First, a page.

“When one asks children what they want to be when they grow up, they never say ‘a critic,’ which proves that it’s a job for losers.” It’s impossible not to laugh with François Truffaut, who was a critic himself early on, at this statement that he put into the mouth of one of his characters.
Shall I give you an example? Who are these lines about? “Never before have we been so complacent in the face of the hideous. Is it lucidity? No, sadism. The author wallows in the stench of it. The heart tightens. The skin crawls. And one is rigid with embarrassment, the embarrassment of being there. Yes, I lowered my head, I didn’t look at the stage anymore. I had the feeling that I was taking part in obscene vision.” This author who “wallows in the stench of it” – according to the sage judgment of this oracle who today is completely forgotten – is none other than Samuel Beckett, and the play, perhaps his most beautiful, was Happy Days. A nice job, criticism, which too often consists of finding the worst in the best, and vice versa, for lack of personal or objective point of view.
All joking aside, no one can deny the discerning heights that criticism can attain when it is the work of musicians like Debussy and Boulez, authors like Borges and Blanchot or, simply, beings who are still capable of being moved. In such cases, criticism is a parallel art, an homage paid by artists to their peers, attempting to transpose an emotion using other means, that of reason and of the mind. Baudelaire wrote about Wagner: “All great poets become naturally, inevitably, critics.”
Unfortunately, the reverse is rarely true. And I’m sorry, but these individuals lack the critical experience of stage fright, the face-to-face encounter with the hall in which every person is different from every other, where every listener (among them the critic) expects from you a distinct emotion, a specific response to his or her point of view about the work. They are missing the one-on-one encounter with themselves, seated at the piano whose keys suddenly resemble gleaming, formidable fangs. Face to face with doubt, despite hours of research and practice.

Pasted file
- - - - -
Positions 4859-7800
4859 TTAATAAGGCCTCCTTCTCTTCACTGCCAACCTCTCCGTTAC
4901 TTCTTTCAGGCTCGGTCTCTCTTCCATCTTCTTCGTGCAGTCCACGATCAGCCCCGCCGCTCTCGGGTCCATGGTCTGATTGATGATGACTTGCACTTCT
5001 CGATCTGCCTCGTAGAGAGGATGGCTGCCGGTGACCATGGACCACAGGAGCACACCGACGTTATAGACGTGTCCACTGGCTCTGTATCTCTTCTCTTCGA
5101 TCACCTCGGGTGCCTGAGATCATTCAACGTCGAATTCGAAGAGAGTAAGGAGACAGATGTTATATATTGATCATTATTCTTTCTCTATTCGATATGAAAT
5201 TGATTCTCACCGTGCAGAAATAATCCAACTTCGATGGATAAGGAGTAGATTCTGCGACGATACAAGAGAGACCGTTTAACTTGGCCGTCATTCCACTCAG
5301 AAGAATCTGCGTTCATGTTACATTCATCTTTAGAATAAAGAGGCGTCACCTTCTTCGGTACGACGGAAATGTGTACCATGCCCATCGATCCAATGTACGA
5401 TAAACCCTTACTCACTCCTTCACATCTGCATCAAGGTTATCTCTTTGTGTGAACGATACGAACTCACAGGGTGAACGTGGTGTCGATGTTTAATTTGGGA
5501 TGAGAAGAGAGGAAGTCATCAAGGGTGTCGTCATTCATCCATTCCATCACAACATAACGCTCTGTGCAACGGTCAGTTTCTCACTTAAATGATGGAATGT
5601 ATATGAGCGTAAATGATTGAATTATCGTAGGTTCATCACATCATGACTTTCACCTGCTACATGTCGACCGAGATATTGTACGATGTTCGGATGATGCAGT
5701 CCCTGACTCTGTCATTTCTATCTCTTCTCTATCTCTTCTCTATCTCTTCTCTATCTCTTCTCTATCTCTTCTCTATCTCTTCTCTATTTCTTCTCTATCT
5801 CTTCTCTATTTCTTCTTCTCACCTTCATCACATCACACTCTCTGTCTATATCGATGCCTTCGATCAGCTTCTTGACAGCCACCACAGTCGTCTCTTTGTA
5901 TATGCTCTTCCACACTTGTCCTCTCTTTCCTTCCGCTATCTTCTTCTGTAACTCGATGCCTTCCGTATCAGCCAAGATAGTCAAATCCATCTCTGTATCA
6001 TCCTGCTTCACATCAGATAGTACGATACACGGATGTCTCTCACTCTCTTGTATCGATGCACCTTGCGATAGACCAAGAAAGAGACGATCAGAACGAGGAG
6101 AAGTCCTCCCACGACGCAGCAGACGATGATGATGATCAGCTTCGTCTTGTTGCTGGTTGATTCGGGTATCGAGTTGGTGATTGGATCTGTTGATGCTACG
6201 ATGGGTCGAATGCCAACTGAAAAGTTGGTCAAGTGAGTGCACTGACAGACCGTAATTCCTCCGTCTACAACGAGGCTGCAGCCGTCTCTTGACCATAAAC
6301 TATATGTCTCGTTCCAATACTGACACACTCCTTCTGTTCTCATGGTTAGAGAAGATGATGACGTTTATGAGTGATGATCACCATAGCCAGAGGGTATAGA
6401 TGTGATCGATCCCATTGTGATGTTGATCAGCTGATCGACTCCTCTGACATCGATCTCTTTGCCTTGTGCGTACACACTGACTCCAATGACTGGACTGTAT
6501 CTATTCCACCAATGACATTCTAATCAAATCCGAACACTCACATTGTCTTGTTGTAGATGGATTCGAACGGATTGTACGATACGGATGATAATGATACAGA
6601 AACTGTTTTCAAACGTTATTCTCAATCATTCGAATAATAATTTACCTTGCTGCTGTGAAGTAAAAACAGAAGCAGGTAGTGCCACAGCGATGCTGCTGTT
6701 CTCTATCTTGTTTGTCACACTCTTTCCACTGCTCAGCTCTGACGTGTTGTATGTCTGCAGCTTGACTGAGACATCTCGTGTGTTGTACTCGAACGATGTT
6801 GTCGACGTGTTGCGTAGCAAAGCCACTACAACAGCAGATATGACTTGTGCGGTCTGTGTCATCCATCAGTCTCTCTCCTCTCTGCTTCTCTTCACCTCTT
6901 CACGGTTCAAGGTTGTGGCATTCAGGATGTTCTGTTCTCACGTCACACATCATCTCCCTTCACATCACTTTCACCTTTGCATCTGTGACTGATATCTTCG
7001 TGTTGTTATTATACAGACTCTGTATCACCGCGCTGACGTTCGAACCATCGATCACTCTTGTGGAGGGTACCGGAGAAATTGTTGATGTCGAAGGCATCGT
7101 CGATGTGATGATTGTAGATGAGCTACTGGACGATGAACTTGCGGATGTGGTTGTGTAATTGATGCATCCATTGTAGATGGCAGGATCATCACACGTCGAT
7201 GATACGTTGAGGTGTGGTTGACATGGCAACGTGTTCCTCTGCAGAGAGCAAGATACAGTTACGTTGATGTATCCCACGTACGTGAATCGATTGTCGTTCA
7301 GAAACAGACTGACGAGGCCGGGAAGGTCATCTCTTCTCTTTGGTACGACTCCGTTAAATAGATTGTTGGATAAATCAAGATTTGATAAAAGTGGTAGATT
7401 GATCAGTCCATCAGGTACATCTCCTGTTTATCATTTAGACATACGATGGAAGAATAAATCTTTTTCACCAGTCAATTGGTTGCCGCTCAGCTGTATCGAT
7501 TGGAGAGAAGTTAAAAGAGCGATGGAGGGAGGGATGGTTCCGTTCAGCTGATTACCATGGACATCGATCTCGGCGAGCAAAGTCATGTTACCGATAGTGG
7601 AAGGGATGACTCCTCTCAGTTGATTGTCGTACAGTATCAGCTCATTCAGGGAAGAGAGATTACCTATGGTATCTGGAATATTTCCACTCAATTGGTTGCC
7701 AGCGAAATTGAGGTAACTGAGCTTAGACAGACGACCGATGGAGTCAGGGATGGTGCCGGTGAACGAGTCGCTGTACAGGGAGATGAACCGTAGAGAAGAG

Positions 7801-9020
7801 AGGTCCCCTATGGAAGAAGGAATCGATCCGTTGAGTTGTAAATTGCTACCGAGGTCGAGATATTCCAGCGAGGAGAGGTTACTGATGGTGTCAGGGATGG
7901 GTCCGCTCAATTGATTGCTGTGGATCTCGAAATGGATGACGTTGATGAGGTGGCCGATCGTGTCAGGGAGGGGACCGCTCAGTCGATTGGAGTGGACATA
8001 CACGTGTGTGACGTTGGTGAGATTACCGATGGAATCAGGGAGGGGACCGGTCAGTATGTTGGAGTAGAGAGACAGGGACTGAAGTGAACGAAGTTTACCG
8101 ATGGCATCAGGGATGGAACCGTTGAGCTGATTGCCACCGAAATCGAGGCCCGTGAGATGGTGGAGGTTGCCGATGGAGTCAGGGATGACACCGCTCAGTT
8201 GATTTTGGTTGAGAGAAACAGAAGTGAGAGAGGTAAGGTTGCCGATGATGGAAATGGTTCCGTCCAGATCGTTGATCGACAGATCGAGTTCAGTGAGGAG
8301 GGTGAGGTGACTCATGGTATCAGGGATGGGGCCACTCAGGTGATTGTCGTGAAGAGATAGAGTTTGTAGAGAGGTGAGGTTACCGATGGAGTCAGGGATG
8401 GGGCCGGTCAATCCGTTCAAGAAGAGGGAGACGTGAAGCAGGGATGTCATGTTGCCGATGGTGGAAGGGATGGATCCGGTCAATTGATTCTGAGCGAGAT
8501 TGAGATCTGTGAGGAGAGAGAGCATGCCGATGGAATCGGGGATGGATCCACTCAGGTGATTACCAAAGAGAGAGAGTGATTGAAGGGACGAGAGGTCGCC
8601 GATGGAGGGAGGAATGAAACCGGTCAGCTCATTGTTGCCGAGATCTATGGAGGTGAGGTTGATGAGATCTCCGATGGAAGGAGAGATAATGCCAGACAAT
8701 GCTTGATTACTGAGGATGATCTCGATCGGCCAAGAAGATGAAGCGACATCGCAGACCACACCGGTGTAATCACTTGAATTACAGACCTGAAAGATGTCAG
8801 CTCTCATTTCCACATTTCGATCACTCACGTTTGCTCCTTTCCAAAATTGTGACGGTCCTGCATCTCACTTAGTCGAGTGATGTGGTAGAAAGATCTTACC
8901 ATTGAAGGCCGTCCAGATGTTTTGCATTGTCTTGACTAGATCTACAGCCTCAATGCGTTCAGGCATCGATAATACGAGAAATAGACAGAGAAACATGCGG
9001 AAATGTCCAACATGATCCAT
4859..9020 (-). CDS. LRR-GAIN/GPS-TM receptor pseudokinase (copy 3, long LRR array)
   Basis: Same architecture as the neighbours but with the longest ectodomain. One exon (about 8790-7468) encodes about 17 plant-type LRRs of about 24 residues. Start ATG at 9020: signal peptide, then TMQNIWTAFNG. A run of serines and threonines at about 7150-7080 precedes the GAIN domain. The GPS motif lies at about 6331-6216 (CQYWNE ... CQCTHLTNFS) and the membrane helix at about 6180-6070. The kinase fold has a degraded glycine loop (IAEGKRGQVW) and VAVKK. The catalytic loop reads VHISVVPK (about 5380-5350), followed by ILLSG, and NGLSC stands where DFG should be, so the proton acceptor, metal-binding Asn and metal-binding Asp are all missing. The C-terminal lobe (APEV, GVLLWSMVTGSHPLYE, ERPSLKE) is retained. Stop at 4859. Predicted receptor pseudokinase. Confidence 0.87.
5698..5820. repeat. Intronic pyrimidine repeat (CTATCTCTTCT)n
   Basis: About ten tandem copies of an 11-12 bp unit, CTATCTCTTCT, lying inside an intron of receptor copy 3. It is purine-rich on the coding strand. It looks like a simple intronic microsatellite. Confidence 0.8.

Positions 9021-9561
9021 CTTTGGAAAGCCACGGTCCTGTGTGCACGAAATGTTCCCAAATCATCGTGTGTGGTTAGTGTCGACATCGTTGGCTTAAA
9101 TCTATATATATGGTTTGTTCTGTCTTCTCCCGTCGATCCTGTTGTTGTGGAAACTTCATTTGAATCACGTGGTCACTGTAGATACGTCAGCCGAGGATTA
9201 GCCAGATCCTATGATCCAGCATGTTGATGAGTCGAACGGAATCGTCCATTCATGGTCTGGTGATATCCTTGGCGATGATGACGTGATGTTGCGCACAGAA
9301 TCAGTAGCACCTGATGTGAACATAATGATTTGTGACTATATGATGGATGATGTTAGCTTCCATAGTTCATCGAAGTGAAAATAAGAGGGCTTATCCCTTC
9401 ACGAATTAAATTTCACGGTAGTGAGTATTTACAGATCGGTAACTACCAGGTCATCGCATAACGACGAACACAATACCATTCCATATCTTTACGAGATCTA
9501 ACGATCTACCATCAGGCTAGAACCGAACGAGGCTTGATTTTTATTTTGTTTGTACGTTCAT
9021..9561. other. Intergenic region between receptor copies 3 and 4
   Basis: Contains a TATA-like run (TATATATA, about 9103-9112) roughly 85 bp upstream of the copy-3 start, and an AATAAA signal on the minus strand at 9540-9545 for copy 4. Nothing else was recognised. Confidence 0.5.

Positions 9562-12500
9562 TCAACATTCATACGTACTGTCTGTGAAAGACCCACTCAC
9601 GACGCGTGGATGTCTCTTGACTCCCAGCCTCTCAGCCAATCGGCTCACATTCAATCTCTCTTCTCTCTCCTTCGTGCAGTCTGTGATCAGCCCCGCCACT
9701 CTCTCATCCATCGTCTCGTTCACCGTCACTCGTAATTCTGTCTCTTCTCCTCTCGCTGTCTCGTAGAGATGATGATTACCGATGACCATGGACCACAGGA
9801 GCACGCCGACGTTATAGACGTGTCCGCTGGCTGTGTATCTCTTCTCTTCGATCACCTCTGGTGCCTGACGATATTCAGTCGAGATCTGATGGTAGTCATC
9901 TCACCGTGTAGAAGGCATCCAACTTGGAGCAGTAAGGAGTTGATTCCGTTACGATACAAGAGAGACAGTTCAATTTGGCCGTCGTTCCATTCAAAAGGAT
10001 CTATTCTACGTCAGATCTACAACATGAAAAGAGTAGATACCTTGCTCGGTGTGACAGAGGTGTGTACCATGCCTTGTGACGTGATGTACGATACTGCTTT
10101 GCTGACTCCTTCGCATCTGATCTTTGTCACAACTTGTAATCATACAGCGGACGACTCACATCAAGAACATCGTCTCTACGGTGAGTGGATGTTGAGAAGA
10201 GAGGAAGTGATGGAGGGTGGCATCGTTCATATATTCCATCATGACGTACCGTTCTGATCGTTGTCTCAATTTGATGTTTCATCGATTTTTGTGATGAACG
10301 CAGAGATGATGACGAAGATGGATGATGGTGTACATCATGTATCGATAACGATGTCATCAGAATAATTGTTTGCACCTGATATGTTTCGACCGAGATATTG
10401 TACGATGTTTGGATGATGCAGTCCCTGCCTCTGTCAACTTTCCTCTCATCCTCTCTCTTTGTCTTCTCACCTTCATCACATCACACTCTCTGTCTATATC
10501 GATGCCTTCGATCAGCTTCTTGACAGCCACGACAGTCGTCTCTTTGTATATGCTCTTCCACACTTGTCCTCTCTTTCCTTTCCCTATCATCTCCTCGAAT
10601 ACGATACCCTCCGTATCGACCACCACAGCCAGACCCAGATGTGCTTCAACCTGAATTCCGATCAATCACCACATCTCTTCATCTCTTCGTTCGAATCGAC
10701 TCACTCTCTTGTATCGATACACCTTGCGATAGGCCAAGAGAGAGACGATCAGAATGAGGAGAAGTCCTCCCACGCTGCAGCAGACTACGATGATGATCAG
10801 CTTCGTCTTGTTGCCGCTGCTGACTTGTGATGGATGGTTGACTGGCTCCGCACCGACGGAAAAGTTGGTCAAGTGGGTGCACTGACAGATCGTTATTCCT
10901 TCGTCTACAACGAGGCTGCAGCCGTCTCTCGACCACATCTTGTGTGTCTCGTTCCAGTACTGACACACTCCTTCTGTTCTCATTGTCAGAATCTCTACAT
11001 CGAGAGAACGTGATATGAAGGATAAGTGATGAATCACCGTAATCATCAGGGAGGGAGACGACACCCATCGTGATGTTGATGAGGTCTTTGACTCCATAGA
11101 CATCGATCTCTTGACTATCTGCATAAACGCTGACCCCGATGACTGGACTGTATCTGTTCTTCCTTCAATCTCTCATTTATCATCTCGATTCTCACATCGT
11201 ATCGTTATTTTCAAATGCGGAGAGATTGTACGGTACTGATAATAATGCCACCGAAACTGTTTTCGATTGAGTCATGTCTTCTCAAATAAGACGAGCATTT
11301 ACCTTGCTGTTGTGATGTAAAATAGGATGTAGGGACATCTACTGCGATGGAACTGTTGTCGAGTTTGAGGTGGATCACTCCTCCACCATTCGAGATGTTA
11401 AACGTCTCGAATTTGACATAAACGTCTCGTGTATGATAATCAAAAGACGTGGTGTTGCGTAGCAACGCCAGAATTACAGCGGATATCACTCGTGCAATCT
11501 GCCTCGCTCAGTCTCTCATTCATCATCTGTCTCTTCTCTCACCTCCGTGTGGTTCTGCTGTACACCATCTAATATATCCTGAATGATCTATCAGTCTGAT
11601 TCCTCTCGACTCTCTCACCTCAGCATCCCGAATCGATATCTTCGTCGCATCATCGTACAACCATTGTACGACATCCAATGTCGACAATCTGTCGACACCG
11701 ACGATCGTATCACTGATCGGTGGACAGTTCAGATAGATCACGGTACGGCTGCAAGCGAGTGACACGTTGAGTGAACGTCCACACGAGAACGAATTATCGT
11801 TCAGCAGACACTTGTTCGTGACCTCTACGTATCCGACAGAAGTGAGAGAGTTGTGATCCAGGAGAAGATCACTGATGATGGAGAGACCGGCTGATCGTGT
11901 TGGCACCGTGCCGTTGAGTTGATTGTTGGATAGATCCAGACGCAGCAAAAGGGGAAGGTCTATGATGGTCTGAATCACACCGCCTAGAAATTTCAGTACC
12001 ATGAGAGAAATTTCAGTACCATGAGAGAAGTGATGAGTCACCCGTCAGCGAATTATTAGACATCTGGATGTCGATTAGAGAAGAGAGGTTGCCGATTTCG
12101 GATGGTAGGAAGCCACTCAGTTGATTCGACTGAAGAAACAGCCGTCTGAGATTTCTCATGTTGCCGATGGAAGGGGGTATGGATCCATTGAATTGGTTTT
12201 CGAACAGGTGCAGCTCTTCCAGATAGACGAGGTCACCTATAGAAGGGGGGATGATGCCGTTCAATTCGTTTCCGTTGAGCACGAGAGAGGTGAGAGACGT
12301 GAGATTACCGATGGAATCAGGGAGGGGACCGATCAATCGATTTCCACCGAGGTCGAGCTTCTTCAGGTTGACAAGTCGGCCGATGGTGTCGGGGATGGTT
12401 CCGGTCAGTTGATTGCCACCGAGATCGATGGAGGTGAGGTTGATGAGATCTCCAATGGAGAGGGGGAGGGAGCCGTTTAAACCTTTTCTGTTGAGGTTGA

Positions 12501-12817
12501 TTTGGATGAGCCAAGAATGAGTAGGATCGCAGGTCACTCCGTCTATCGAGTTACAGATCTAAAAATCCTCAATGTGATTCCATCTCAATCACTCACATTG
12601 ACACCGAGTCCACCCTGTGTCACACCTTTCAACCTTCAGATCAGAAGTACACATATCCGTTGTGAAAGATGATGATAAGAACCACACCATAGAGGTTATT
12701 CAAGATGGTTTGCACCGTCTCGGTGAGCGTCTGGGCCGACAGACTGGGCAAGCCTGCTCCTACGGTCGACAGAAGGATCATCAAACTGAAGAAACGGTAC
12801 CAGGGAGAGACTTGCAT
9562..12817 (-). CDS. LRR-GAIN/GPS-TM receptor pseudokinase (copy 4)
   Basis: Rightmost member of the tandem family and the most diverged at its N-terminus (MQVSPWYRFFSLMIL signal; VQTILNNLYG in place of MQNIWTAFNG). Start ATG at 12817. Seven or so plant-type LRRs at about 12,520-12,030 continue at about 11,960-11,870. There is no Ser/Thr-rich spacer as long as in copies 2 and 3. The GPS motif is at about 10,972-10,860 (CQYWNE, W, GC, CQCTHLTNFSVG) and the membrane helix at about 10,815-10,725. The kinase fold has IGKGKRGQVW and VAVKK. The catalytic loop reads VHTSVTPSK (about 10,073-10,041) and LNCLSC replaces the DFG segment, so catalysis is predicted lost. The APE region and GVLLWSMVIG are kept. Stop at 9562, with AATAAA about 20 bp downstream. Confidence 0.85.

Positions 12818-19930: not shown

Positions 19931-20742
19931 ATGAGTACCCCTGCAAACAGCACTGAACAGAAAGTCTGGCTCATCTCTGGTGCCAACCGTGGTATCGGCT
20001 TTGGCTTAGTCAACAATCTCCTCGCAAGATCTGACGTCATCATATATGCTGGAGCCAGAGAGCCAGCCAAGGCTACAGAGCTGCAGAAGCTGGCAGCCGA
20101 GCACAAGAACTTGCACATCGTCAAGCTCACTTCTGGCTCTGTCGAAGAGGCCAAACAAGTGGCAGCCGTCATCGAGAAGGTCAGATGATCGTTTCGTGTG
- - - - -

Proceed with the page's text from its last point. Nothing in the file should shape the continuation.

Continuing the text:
One of these critics, some time ago, called me a little goat with no taste, good only for jumping about onstage. A few years later, he wrote that, contrary to his expectations, I hadn’t changed a bit: I was still a pianist who deserved to be whipped. Still later, he admitted in the pages of the same paper that he had been moved by one of my concerts that he attended; he was thrilled to have the chance once again to publicly change his opinion about me. That was the last one.
Today, I take the decrees of the press in stride. The public doesn’t need someone to prescribe whom they should like or not – they are adults, passionate and demanding, and they know what they like.
I admit that, in the beginning, these criticisms tormented me, until the day I took a good, hard look at them and discovered that, basically, there were more good reviews than bad. What struck me to the heart was how excessively cruel the bad ones were, their desire to go in for the kill. I considered them to be worthless, completely sterile.
An artist’s primary critic is herself: her goal is not illusory perfection, which would be stillborn – no one can speak exactly for the composers, or for their desires. What all real artists aim for is to use their lives to animate the life of the work they are playing, to give their entire being to it, in that perfect abandon – which is love.
The great painters never tried to reproduce the reality of faces line for line; they started from a model in order to draw from it the deepest part of existence. And then, what is there to reproduce in music? There is no model of the ideal interpretation, drawn up like the blueprint of a perfect temple, like a living human being. There is and can only be an encounter with the existence of music that is played. “Somewhere in the unfinished.”